Moyamoya is typically accompanied with persistent headaches refractory to medical therapies. The presentation of moyamoya disease differs substantially between children and adults. Children usually present with brain infarct while adults typically have hemorrhagic events. The location of the intracerebral hemorrhage is commonly observed to be in the frontal horn of the lateral ventricle, basal ganglia, and thalamus. Ischemic events were the most common presentations in both children and adults according to Chiu, et al. [3]. Hemorrhage in the splenium of the corpus callosum is rare; head trauma, neoplasm, aneurysms of the pericallosal artery, and arteriovenous malformation are considered as typical causes of corpus callosum hemorrhage. Moyamoya disease is rarely implicated as a causative factor of corpus callosum hemorrhage and involvement of corpus callous can only be explained by the underlying pathology of moyamoya diseases. The rupture of the abnormally dilated collateral vessels (moyamoya disease) caused the splenium hemorrhage. Moreover, intracranial hemorrhage in patients with moyamoya disease is extremely rare unless there is a clear cerebral aneurysm on angiography. Intracranial hemorrhage is most commonly due to rupture of fragile vessels caused by moyamoya disease [8]. There was one case in the literature review similar to our case. They reported corpus callosum hemorrhage in a 31-year-old woman diagnosed with moyamoya disease. Her radiological findings strongly suggest that splenial hemorrhage happened due to the rupture of the dilated abnormal collateral vessels that originated from the medial posterior choroidal artery penetrating the corpus callosum [4].

Another study found two cases of moyamoya disease with a small hemorrhage in the splenium. Similarly, these cases had marked enlargement of the choroidal and posterior pericallosal arteries [9]. The process of narrowing of cerebral vessels is the core of the pathophysiology of moyamoya and seems to be associated with several conditions such as sickle-cell anemia, neurofibromatosis-1, trisomy 21, congenital heart defects, antiphospholipid syndrome, and renal artery stenosis. However, more than half of the adults seen with this disease have no cause for their moyamoya syndrome [7]. The diagnosis of moyamoya diseases is made by cerebral angiography. The cerebral angiography shows a characteristic finding of moyamoya such as unilateral/bilateral occlusion or stenosis of terminal internal carotid arteries and the proximal anterior and middle cerebral arteries in the basal ganglia [10]. The gold standard of diagnosis is cerebral angiography, but MRI and magnetic resonance angiography (MRA) are also acceptable methods of diagnosis [3]. The Research Committee on Spontaneous Occlusion of the Circle of Willis (Moyamoya Disease) of the Japan Ministry of Health defined the diagnostic criteria of moyamoya disease as bilateral stenosis of the terminal portion of the internal carotid artery with or without the proximal portion of the anterior and/or the middle cerebral arteries. These findings described by the Research Committee on Spontaneous Occlusion of the Circle of Willis should be observed in the absence of arteriosclerosis, autoimmune disease, brain neoplasm, Down syndrome, head irradiation, head trauma, meningitis, neurofibromatosis, and sickle cell anemia [3].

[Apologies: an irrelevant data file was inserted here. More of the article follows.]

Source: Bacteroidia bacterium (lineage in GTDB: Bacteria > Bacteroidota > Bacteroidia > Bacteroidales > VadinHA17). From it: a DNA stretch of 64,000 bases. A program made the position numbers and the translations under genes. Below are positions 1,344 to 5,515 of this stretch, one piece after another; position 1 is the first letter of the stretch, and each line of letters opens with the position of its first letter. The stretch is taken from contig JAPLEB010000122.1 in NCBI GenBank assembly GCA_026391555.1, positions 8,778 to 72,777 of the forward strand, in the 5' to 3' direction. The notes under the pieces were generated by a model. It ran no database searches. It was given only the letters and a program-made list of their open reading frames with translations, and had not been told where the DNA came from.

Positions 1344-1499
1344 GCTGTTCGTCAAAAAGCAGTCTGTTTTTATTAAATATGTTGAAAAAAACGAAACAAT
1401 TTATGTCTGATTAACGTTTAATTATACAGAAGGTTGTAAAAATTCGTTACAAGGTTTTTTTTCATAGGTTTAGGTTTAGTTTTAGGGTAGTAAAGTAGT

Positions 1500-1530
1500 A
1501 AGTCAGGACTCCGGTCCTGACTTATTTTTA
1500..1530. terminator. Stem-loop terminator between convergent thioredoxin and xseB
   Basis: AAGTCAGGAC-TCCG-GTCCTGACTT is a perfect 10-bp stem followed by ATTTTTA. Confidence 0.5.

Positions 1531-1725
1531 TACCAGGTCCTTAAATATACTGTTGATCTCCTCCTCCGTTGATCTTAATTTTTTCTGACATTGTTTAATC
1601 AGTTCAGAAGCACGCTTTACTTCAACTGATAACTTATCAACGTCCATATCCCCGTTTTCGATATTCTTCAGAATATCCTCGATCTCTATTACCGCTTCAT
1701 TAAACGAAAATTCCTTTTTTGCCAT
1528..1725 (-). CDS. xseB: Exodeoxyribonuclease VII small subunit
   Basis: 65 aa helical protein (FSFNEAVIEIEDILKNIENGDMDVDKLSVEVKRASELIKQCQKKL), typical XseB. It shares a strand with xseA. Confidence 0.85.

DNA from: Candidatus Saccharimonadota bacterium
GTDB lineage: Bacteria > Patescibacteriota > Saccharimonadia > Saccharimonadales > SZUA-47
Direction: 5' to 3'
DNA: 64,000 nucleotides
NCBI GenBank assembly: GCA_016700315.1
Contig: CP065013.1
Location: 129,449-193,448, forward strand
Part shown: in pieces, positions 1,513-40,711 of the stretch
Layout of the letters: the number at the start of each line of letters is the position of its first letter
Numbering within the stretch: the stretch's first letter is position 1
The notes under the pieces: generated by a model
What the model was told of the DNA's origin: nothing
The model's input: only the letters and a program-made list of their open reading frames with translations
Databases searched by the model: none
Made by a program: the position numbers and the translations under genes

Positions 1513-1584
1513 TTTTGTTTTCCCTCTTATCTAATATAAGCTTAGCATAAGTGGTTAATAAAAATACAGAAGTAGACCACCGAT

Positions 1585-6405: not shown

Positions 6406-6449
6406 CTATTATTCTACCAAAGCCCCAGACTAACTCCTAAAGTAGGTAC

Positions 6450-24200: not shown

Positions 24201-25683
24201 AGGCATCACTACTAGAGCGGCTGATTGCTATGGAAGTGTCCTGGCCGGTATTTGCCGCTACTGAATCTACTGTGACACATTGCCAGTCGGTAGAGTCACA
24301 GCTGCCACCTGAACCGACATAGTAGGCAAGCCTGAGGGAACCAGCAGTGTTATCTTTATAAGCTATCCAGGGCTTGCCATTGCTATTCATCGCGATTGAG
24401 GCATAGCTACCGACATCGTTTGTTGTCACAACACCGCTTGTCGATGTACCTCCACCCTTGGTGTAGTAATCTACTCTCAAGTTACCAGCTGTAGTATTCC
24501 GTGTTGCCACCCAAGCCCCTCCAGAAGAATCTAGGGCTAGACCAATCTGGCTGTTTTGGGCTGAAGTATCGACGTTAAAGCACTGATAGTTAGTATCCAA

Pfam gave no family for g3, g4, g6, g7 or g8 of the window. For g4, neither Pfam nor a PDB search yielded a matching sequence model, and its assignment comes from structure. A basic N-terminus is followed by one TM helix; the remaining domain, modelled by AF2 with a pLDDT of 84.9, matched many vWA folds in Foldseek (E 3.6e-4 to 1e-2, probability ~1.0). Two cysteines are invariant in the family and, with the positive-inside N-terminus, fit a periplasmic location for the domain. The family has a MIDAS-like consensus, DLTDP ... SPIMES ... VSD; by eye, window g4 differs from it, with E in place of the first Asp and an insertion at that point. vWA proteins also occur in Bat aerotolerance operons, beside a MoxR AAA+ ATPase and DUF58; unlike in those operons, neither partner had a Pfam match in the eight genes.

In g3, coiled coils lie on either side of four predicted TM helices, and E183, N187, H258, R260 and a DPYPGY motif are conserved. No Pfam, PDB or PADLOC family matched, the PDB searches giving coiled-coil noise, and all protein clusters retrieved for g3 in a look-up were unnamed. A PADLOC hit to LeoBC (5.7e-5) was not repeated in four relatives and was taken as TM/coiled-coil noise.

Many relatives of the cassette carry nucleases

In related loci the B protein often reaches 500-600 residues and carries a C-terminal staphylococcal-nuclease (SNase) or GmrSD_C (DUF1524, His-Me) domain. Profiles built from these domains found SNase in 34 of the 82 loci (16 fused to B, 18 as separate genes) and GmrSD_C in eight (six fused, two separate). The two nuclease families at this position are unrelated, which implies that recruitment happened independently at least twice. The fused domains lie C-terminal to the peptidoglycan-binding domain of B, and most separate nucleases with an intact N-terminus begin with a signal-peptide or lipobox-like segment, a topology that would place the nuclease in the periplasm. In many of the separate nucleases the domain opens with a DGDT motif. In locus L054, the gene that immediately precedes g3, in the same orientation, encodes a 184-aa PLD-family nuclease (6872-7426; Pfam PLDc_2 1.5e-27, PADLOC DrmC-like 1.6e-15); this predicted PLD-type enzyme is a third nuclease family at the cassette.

There is no known curative treatment for moyamoya disease. Acute management is mainly symptomatic and directed towards reducing elevated intracranial pressure, improving cerebral blood flow, and controlling seizures [3]. Antihypertensive, calcium channel blockers, and daily aspirin are used as needed to maintain constant low blood pressure.

Surgical revascularization is thought to improve cerebral perfusion and to reduce the risk of subsequent stroke in both pediatric and adult patients [7]. Chiu, et al. compared 20 patients who had surgical revascularization with 15 patients who were treated medically and found no statistically significant difference in the five-year stroke recurrence rate between the two groups [3].